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Take the climate change quiz for Kawartha Lakes

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How much do you know about climate change and how it’s affecting us here in the City of Kawartha Lakes? Test yourself by taking this quiz, based on a presentation made to council by Deb Pearson and Ginny Colling, members of the Kawartha Lakes Environmental Advisory Committee who’ve taken on climate change education as their mission.

Note: For some questions there may be more than one correct answer. Answers (and some explanations of the connections to climate change) are at the end.

  1. Since 2001 how many of the hottest years on record have occurred? a) 3; b) 10; c) 15; d) 17

 

  1. What is the main source and cause of rising global temperatures? a) Burning of fossil fuels; b) Agricultural practices; c) Forest burning; d) Naturally-occurring CO2

  1. In May, 2018, how many days above 30 degrees did we have here in the City of Kawartha Lakes? a) 0; b) 1; c) 2; d) 3

 

  1.  True or false, Minden has had two 1-in-a-100-year floods in the four year period between 2013 and 2017?

 

  1.  True or false, winter control costs for freezing rain events are higher than for snow events?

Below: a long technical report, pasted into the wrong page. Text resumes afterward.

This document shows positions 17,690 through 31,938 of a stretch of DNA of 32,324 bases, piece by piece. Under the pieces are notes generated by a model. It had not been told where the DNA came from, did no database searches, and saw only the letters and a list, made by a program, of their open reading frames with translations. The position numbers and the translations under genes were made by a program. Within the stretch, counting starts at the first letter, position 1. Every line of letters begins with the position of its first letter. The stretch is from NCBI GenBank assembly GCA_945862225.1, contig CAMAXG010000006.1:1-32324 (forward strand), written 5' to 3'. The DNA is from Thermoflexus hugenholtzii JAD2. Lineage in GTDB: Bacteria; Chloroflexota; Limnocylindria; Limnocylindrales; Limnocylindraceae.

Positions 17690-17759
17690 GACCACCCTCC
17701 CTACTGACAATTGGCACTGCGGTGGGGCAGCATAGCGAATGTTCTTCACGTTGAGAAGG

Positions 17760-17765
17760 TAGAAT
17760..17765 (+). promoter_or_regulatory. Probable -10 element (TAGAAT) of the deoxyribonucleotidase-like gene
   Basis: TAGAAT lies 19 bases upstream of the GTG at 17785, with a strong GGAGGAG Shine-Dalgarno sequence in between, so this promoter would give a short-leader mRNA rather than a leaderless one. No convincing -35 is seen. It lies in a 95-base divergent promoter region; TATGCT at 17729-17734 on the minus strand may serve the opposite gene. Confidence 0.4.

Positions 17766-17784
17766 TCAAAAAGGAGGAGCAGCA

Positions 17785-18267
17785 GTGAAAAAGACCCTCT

1. From 1983-2008 less than $500 million/ year on average was paid out by insurance firms in Canada due to damage from extreme weather events.  Since 2009 what has the amount in pay-outs grown to? a) $600 million; b) $1 billion; c) $1.3 billion; d) $1.8 billion

 

  1.  Which of the following are influenced–for the worse–by climate change? a) infectious diseases; b) waterborne diseases; c) Lyme disease in our area; d) heat stress

 

  1. Which of these are affected by climate change? a) ice fishermen; b) maple syrup producers; c) beer-drinkers; d) farmers

 

  1. Electric car sales were up 68% in 2018 in Canada. How does the cost of charging an electric compare to the cost of fueling a gasoline car?  a) same cost; b) half the cost; c) third of the cost; d) a fifth of the cost

 

  1. In January 2014 Ontario ordered the closing of its last coal-fired power plant (the site is now being repurposed as a solar farm). Since then, how many “Smog Days” has Southern Ontario experienced? a) none; b) 1; c) 15; d) 23